TORONTO, Aug 28 (Reuters) - More charges lie ahead for Canadian Imperial Bank of Commerce (CM.TO) even as it cuts exposure to risky U.S. securities and hedges that prompted multibillion-dollar writedowns in the past year, analysts say.
CIBC shares rallied 5 percent on Wednesday after reporting less severe third-quarter charges than expected, and its stock was up a further 5 percent on Thursday, at C$63.29 a share, as other Canadian banks reported strong quarterly profits.
The bank’s quarterly profit of C$71 million was the lowest among Canada’s large banks.
CIBC, the No. 5 Canadian bank, took a pre-tax hit of C$855 million on structured credit, mostly related to U.S. bond insurers, adding to a string of writedowns in previous quarters for the sliding value of sub-prime mortgage securities.
“We are reducing our estimates for the fourth quarter to include an assumption of another C$1 billion charge,” BMO Capital Markets analyst Ian de Verteuil said in a research note on Thursday.
Mario Mendonca, analyst at Genuity Capital Markets, said he still sees downside risk in CIBC stock, if investors are pricing in belief that structured credit writedowns are over.
Settlements between U.S. bond insurers and their various counterparties “are likely to result in still further charges -- likely over C$1 billion,” Mendonca said in a research note.
Gerry McCaughey, CIBC’s president and chief executive, said on a conference call late Wednesday that recent settlements involving U.S. bond insurers -- also known as financial guarantors or monolines because they specialize in a single type of insurance -- were positive.
“Developments within the financial guarantor industry over the past few weeks have generally been encouraging and positive, with several corporations announcing results in terms of restructurings and/or tariffs,” McCaughey said.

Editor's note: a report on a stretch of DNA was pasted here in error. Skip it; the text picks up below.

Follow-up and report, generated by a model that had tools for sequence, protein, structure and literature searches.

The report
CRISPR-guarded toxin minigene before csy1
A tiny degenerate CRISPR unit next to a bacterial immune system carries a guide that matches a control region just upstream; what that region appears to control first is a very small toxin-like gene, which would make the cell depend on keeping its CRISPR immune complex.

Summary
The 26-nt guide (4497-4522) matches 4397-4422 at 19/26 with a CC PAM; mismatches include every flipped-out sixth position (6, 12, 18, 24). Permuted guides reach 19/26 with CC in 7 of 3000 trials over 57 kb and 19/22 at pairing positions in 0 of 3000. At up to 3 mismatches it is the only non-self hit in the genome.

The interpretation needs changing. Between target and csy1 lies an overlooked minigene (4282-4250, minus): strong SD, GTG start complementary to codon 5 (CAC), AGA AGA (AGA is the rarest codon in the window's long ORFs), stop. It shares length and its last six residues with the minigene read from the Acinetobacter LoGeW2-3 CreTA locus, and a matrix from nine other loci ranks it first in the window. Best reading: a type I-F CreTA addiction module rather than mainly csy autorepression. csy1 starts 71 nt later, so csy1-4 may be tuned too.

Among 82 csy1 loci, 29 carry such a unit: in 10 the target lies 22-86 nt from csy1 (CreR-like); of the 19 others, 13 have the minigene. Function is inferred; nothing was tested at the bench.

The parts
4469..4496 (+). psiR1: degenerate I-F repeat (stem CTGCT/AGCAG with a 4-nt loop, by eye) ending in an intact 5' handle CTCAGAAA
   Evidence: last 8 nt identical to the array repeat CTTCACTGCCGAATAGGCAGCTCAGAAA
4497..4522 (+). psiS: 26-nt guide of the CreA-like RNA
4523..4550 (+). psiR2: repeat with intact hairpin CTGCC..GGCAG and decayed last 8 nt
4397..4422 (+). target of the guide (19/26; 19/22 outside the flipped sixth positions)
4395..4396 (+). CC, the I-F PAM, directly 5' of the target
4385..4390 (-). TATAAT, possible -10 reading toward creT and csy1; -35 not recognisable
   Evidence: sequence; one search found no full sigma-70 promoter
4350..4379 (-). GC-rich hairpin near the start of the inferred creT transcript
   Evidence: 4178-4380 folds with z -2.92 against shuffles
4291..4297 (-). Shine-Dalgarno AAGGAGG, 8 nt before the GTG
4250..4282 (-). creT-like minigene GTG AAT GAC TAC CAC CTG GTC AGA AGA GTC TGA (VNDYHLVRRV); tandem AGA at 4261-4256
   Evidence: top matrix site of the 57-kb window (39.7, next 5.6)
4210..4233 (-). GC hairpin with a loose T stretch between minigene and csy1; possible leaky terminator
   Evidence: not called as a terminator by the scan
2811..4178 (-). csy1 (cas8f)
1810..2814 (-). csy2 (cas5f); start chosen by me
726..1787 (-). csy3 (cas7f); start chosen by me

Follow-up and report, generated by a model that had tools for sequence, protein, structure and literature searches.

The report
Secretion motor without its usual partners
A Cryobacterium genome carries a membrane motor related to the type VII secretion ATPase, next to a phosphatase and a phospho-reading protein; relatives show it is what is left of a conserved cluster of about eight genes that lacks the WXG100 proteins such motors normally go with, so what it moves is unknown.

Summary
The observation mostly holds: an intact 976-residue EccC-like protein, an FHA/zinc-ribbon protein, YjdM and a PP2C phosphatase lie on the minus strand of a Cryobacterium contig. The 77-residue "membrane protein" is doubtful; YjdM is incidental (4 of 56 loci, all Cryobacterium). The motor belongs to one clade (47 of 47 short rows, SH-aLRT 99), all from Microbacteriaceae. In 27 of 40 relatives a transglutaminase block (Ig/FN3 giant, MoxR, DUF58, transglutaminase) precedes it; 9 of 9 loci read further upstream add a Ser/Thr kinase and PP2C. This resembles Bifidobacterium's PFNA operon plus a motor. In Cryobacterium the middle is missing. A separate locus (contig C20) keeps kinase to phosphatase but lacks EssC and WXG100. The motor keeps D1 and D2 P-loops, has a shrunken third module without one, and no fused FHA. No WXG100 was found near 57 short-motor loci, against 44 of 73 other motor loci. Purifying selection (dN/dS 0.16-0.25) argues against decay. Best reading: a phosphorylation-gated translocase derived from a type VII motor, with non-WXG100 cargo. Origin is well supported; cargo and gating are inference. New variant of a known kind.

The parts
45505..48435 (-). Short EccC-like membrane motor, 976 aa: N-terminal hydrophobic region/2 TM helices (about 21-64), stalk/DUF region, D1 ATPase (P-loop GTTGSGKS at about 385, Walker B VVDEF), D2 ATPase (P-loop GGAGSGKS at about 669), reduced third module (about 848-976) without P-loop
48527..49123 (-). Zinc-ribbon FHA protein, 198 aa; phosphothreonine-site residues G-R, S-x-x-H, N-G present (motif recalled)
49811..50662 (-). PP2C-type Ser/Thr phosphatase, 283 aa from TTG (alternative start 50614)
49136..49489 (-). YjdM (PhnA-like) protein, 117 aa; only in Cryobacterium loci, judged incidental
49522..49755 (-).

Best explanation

He also said rating agencies have generally been positive.
“We are actively managing our structured credit positions and continue to assess all opportunities to reduce contingent risk in this portfolio,” McCaughey said.
In early August, CIBC and other institutions reached a deal with ACA Capital Holdings, parent of bond insurer ACA Financial Guaranty, to terminate contracts in exchange for cash.
ACA was the first bond insurer to run into trouble when its credit ratings were cut to junk status in December.
CIBC has contracts with other bond insurers as well.
“We expect further write-downs if credit markets remain under pressure ... but the bank remains well capitalized to handle further material hits,” TD Securities analyst Jason Bilodeau said in a report.
Even if most of CIBC’s writedowns are behind it, many analysts wonder where the bank’s growth prospects will come from, particularly with Canadian economic growth slowing.
CIBC’s per-share profit excluding its big charges fell short of market expectations for C$1.75.
The latest results “provided ample evidence of the continuing struggle facing management in their effort to manage down their legacy credit derivative exposures while defending their domestic retail market share,” Blackmont Capital analyst Brad Smith said in a research note.
$1=$1.05 Canadian Editing by Jeffrey Jones